As a result of archaeological digs in the eighteenth centuries they were re-discovered. Prodigal cities have given an extremely detailled glimpse into the lives of humans two thousand years ago. A new civilisation emerged in the Mexico Valley in the 2. centuries BC. Demographic decrease in the sixth centuries AD was associated with long periods of drought associated with climatic changes.

Aztecs venerated and used the tombs of the prodigal town seven hundred years after the fall of the Teotihuacán dynasty and turned them into a place of worship. Petra, the legendary "rose-red town, half as old as time", was the ancient capitol of the Nabata' Kingdoms. An enormous, one-of-a-kind town, cut into the Wadi Musa Canyon in the south of Jordan hundreds of years ago by the Nabataeans, which made it an important hub for the silver and aromatic trails that connected China, India and South Arabia with Egypt, Greece and Rome.

Following several quakes that paralyzed the essential system of managing groundwater, the town was almost entirely deserted in the sixth cenury. Petra was neglected in the West after the Crusades until the loss of the town in 1812 was re-discovered by the traveller Johann Ludwig Burckhardt. Tikal was the biggest Maya town between 200 and 900 A.D. with an approximate populace between 100,000 and 200,000 people.

By the time Trek peaked, the area around the town was suffering logging and degradation, followed by a sharp decrease in populations. In the 830 to 950s, however, Mr. Trek was losing the major part of his populace, and the federal government seems to have quickly broken down. By 950 it was almost abandoned, although a small community may have lived in shacks between the remains.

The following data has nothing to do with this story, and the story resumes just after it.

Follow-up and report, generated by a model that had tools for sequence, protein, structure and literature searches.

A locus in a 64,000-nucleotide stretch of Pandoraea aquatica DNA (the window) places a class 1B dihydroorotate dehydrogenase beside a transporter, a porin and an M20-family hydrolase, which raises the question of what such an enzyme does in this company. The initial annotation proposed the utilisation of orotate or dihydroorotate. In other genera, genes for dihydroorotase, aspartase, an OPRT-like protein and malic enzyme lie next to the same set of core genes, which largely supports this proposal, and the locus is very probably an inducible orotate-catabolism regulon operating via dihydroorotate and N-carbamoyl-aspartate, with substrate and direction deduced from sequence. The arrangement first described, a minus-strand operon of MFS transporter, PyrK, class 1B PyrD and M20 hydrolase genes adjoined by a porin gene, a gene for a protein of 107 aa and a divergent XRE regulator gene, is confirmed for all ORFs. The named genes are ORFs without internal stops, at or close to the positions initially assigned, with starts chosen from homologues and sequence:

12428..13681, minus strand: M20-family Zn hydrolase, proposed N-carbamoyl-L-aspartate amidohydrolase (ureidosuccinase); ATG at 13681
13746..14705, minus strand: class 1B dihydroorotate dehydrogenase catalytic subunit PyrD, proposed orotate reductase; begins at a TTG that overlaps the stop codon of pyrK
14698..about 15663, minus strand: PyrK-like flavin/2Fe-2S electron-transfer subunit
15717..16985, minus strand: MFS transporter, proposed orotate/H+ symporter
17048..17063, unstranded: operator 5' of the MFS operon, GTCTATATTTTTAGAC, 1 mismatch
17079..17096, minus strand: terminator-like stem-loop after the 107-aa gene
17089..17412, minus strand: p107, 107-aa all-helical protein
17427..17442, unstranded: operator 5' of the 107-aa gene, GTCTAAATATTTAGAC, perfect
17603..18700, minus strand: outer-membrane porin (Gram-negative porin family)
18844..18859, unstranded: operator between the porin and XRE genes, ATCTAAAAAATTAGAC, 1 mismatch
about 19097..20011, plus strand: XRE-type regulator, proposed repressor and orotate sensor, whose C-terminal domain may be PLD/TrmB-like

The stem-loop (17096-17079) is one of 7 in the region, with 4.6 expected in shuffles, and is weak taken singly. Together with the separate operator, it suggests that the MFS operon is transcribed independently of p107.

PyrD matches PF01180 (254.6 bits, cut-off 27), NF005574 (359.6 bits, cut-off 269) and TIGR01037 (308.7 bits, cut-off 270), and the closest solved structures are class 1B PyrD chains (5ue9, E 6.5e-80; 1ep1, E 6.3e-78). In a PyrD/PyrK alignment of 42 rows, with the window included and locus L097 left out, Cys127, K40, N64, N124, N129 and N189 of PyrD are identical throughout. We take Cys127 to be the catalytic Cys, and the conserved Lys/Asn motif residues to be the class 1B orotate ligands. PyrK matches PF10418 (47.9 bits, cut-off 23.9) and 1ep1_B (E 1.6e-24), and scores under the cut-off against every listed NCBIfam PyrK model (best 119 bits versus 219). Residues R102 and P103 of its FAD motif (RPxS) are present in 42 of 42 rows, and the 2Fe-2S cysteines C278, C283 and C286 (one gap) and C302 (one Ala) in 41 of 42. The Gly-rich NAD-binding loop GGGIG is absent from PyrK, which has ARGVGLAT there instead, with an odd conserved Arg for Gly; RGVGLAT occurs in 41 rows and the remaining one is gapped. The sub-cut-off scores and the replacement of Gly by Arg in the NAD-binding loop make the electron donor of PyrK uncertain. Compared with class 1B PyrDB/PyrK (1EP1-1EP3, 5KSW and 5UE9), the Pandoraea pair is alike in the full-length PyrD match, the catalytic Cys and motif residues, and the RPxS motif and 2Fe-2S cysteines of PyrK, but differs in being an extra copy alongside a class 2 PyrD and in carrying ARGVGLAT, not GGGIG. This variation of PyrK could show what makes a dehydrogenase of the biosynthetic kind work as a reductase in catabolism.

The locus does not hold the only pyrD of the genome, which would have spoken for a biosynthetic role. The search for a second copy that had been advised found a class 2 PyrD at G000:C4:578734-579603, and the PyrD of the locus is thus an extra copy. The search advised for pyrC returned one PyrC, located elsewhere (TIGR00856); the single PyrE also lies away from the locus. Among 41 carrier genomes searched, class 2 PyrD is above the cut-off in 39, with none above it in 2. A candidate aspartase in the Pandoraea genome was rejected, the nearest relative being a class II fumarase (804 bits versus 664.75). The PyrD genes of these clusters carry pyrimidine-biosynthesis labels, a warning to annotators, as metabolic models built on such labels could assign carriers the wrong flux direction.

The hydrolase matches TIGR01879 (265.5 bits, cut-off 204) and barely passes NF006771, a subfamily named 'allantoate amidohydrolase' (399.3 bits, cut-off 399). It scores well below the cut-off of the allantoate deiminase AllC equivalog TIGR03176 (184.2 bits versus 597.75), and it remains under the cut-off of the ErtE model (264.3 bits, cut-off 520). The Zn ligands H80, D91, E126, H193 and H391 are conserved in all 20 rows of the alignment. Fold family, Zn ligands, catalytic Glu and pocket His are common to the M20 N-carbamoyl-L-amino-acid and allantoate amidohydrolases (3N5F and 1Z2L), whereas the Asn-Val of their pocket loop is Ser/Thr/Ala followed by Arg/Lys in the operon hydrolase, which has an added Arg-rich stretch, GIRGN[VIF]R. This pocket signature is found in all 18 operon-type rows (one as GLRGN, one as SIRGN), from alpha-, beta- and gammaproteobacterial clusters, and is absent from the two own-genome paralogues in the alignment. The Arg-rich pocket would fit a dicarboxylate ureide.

Those too left the town in the tenth or eleventh hundreds and the Guatemalan rain forest stretched the site for the next thousand years. It is a huge Cambodian sanctuary town with the splendid remnants of several capital cities of the Khmer Empire, from the ninth to the fifteenth cent. AD.

Among them are the famed Angkor Wat Tempel, the biggest individual religous memorial in the whole wide range of religions, and the Bayon-Tempel (near Angkor Thom) with its large number of solid stones. Almost all of Angkor was deserted, with the exception of Angkor Wat, which remains a Buddhist sanctuary. Machu Picchu, one of the world's most famed cities to have been forsaken, was re-discovered in 1911 by Hiram, a historian from Hawaii, after having been hiding over the Urubamba Valley for hundreds of years.

Verlorene Stadt der Inkas" is hidden from view from below and totally self-contained, enclosed by farmhouses and irrigated by sources of water. Even though it is known in Peru regionally, it was largely unfamiliar to the outside before it was re-discovered in 1911.